Movie Stuff and Selling Out
So there's some movie stuff going on, besides Princess Diaries 2 (due in theaters August 11. The trailer will be out soon) and 1-800-Missing's 2nd season. I keep getting emails about something I wrote called Ice Princess.
Ice Princess isn't a book. It's a movie. I actually have no idea if my name is going to appear on the final product. But I did write the original script. Disney is putting it out in 2005, starring Michelle Trachtenberg (Dawn on Buffy the Vampire Slayer) and Trevor Blumas.
The reason I don't talk about this movie much is that movie-writing? It's not for me. I just wrote this one for Disney because they approached me like two years ago and asked me if I'd be interested in writing a “girl ice skater movie”, and I was all, “OK,” like a ditz, because I heard writing screenplays is really easy, and that they pay a lot.
Well, it turns out writing screenplays might be easy for SOME people, but it was really, really hard for me (although it did pay a lot). It just seems like such a weird way to tell a story, thinking of it VISUALLY instead of in WORDS. It's sort of like playing Barbies. Only not as much fun, of course.
Still, I guess it was a good exercise in writing. But now I feel I've learned that lesson and I'm happy to return to the world of book-writing, and stay there.
Ice Princess, for those of you who are interested, was originally conceived as a story about a girl hockey player named Casey who moves to a new town so her hockey star brother can train for the Olympics, and starts figure skating on the sly after she gets a job at the local rink concession stand and meets a bunch of figure skaters training for the Olympics. The love interest is the hunky Zamboni driver, who also has a band.
In the revised version (they brought in a professional screenwriter to do some revisions) I think they dropped the hockey part and made Casey a physics whiz. Go figure. I heard the Zamboni guy love interest is still in it though. I'm glad because I fought hard for that Zamboni guy. I was all, “Dude, how cool would it be if she gets to ride the Zamboni?”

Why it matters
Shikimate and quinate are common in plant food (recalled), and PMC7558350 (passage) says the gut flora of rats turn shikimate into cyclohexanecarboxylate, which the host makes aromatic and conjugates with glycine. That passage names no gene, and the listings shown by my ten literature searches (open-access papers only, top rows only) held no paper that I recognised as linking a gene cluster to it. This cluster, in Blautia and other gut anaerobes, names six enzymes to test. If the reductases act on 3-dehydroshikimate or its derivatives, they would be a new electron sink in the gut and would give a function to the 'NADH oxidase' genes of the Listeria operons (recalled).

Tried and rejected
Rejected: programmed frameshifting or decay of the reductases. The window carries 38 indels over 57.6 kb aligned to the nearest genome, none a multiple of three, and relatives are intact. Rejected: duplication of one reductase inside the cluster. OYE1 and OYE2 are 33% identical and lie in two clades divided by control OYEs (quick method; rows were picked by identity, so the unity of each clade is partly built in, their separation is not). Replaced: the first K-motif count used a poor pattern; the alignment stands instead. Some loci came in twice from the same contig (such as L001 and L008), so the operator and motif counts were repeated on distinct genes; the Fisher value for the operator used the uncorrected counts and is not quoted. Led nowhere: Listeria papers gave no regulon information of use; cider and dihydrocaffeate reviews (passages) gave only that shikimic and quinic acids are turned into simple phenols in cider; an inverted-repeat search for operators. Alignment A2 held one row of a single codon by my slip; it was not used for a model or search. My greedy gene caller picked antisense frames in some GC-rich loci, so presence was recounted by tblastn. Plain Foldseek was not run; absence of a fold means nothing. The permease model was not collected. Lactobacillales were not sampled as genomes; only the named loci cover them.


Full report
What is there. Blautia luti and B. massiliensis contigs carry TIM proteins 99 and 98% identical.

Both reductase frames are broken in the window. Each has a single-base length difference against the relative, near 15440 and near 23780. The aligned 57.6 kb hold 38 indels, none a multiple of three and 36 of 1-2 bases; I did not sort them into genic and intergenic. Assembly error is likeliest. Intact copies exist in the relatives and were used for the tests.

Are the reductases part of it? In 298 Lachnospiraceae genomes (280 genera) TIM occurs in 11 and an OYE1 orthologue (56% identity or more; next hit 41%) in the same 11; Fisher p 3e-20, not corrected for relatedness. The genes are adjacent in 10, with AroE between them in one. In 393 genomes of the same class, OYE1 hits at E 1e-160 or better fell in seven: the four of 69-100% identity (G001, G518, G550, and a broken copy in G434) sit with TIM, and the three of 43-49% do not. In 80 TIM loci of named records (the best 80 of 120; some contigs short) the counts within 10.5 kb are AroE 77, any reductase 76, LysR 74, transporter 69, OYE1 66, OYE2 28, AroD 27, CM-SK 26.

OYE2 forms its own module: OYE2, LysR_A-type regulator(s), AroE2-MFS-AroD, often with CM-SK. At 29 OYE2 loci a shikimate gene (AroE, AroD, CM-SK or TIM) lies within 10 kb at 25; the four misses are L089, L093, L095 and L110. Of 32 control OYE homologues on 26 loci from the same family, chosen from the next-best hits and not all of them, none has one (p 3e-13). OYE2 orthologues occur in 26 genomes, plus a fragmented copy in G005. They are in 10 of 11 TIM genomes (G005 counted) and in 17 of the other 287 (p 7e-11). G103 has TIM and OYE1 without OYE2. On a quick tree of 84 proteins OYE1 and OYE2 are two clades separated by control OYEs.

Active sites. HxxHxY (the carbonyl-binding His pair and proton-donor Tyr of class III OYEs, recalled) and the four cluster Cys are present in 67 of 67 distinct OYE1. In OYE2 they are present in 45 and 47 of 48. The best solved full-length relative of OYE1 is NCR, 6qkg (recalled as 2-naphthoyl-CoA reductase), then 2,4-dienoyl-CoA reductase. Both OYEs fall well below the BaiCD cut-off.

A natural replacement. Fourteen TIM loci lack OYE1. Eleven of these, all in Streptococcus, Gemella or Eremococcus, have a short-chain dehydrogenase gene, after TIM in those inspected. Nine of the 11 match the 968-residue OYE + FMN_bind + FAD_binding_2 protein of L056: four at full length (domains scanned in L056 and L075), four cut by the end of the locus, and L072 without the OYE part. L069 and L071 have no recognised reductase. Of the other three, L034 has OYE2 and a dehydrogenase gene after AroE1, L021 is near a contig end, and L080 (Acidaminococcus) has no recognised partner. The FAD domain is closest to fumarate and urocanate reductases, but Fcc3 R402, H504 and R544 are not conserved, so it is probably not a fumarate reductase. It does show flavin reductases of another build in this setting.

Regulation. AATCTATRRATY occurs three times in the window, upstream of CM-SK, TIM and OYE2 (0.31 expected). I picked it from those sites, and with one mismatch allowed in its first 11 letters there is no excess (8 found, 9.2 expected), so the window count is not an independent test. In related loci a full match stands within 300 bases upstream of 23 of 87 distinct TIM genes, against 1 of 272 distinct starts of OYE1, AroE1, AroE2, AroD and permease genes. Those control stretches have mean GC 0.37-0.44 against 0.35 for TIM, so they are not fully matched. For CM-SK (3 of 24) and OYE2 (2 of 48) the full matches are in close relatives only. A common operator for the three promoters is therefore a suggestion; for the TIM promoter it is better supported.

Yeah. Ridin' the Zamboni. Good stuff.
Other movie news:
I know some of you are going to be disappointed about this. Others will be filled with joy. But here's the Mediator movie news, for what it's worth:
As of now, there will be no Mediator movie. There will be no Mediator TV show.
Yes, it's true. So please STOP sending me your headshots and scripts.
I know in the past I've mentioned that the film rights to the Mediator have been optioned, and they have. But now the option is up, and I've decided to hang on to the rights for now. It's just a personal thing, really.
So that's it for the Mediator movie for now, may it rest in peace.
Which leads me to….
A lot of people have been accusing me lately of being a “sell-out” for selling the film rights to my work. They never say this to my face, but I've seen them do it on message boards, especially in reference to All American Girl. “Meg Cabot is such a sell-out….” etc.
The worst part of it is, they don't mean it as a compliment!
Don't these people realize that if their favorite artists had not sold out, we would not have their brilliant work to enjoy? Artists like South Park co-creator Trey Parker, who agreed, when accused of selling out: “Our entire goal was to get to Hollywood and sell out as quickly as possible.”
And what about Ernest Hemingway? He was so accustomed to selling out, he even suggested the best way for authors to do it: Meet the producers at the California state line, then….”You throw them your book, they throw you the money. Then you jump into your car and drive like hell back the way you came.”
Rock on, Ernest. I could not agree more.
This is the kind of attitude to selling out that we ALL need to adopt. Everybody, PLEASE stop using the term as a pejorative. We have to rethink selling out the same way we've rethought fatty foods: Just like cheese, SELLING OUT IS A GOOD THING.
I know some of you are going to be like, “But by not selling out, authors are being true to their art!”
In fact, I believe the OPPOSITE is true. If they were being true to their art, they'd have sold the film rights so EVERYBODY would have the chance to see it.
Because isn't that what being true to your art REALLY means? Sharing it with as many people as possible?
So I guess based on that logic, you could say that by NOT selling out with the Mediator, I'm NOT being true to my art.
And you would be correct. I am bitterly ashamed and disappointed in myself. It is something I am going to have to live with for the rest of my life.
I know what you're saying. “Well, she can afford NOT to be a sell-out with Mediator because the film rights to her July release, Teen Idol, were just optioned by the people who are making the movie based on Because of Winn-Dixie.”
Yes, this is true.
And it's also true that there's a lot of interest in Avalon High, a book I have coming out next year that's a modern re-telling of a popular myth, set in an American high school.
And yes, they just finished the script for Boy Next Door, the TV movie.
And I think All American Girl just went into production, and is scheduled to be released in August 2005.
Really, there's only so much selling out a girl can do in one twelve month period. I'm so tired from all this selling out, I need a break.
In fact, I need to take a little nap right now, so I can be fresh to sell out again tomorrow.